Giving birth and raising a child—there’s nothing like it, right? Starting or growing your family is what it’s all about. Humans are tribal by nature and we all want to be a part of a clan, our own clan.
Pregnancy, on the other hand, can feel isolating. Your partner wants to help, your parents fuss and make casseroles, but at the end of the day, it’s you and Herbert or Harriet, your baby-to-be.
Morning sickness, the nausea and (sometimes) vomiting that strikes multiple times throughout the day, can be pretty awful. But it’s considered by many doctors to be an indication that the placenta is developing as it should, so it’s a good thing. To the doctors, it’s a good thing. To you, not so much.
The better news is that typically it’s gone after about 12 weeks, except when it’s not.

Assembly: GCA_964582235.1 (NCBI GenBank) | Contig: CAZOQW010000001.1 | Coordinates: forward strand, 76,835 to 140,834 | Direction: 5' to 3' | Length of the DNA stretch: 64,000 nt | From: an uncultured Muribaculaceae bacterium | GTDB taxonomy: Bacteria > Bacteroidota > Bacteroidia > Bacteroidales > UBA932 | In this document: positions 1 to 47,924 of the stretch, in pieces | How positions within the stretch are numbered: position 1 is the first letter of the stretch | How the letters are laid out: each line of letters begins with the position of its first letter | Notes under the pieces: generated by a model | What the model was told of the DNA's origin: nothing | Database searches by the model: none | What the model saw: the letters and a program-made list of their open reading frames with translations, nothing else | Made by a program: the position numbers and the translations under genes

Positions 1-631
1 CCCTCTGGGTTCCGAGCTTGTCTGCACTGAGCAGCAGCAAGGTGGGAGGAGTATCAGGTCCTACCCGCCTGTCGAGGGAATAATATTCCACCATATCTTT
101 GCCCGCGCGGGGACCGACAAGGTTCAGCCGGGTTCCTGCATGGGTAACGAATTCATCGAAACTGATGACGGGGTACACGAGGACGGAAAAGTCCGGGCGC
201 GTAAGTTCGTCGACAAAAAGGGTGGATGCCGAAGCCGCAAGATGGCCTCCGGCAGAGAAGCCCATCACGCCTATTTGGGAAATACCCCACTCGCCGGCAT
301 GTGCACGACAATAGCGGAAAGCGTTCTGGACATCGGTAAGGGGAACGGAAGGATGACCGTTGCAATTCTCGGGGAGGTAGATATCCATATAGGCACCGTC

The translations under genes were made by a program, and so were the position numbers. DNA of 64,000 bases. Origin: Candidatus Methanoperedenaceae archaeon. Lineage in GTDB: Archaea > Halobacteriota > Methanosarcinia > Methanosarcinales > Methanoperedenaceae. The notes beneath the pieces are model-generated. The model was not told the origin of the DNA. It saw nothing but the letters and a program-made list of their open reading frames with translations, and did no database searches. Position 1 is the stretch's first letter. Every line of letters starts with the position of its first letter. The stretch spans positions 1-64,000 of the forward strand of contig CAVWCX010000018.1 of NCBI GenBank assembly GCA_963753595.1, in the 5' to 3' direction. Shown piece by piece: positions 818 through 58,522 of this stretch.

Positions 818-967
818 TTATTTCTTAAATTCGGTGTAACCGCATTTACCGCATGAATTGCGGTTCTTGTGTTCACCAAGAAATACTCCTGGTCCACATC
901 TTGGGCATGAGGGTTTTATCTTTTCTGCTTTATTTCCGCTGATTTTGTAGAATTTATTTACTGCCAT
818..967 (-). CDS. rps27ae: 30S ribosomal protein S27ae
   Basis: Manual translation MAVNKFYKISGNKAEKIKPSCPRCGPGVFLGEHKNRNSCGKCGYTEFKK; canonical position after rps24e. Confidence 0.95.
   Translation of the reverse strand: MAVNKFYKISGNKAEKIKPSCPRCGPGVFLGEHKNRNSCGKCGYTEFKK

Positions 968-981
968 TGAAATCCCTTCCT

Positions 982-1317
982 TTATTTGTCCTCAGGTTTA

Some pregnant women experience morning sickness during their entire pregnancy.
There are a few things you can do to get through morning sickness, whether it lasts for 12 weeks or 40 weeks:
- Keep plain crackers by your bed and munch on them before you get up in the morning, or anytime during the night if you’re feeling peckish.
- Eat five to seven small meals spaced out over the day.
- Stay hydrated!
- Don’t stay in stuffy areas, and keep the air moving by opening a window or turning on a fan.
- Put on your Reliefband® before you get out of bed in the morning, and anytime you feel a hint of nausea coming on.
Morning sickness can be managed, and the symptoms of nausea and vomiting can be prevented or treated by wearing a Reliefband®.
You will at some point stop feeling nauseous and deliver Herbert or Harriet!
One thing to consider: If your morning sickness seems excessive – you keep vomiting and food just won’t stay down – contact your healthcare provider. You may have hyperemesis gravidarum, and that requires medical attention.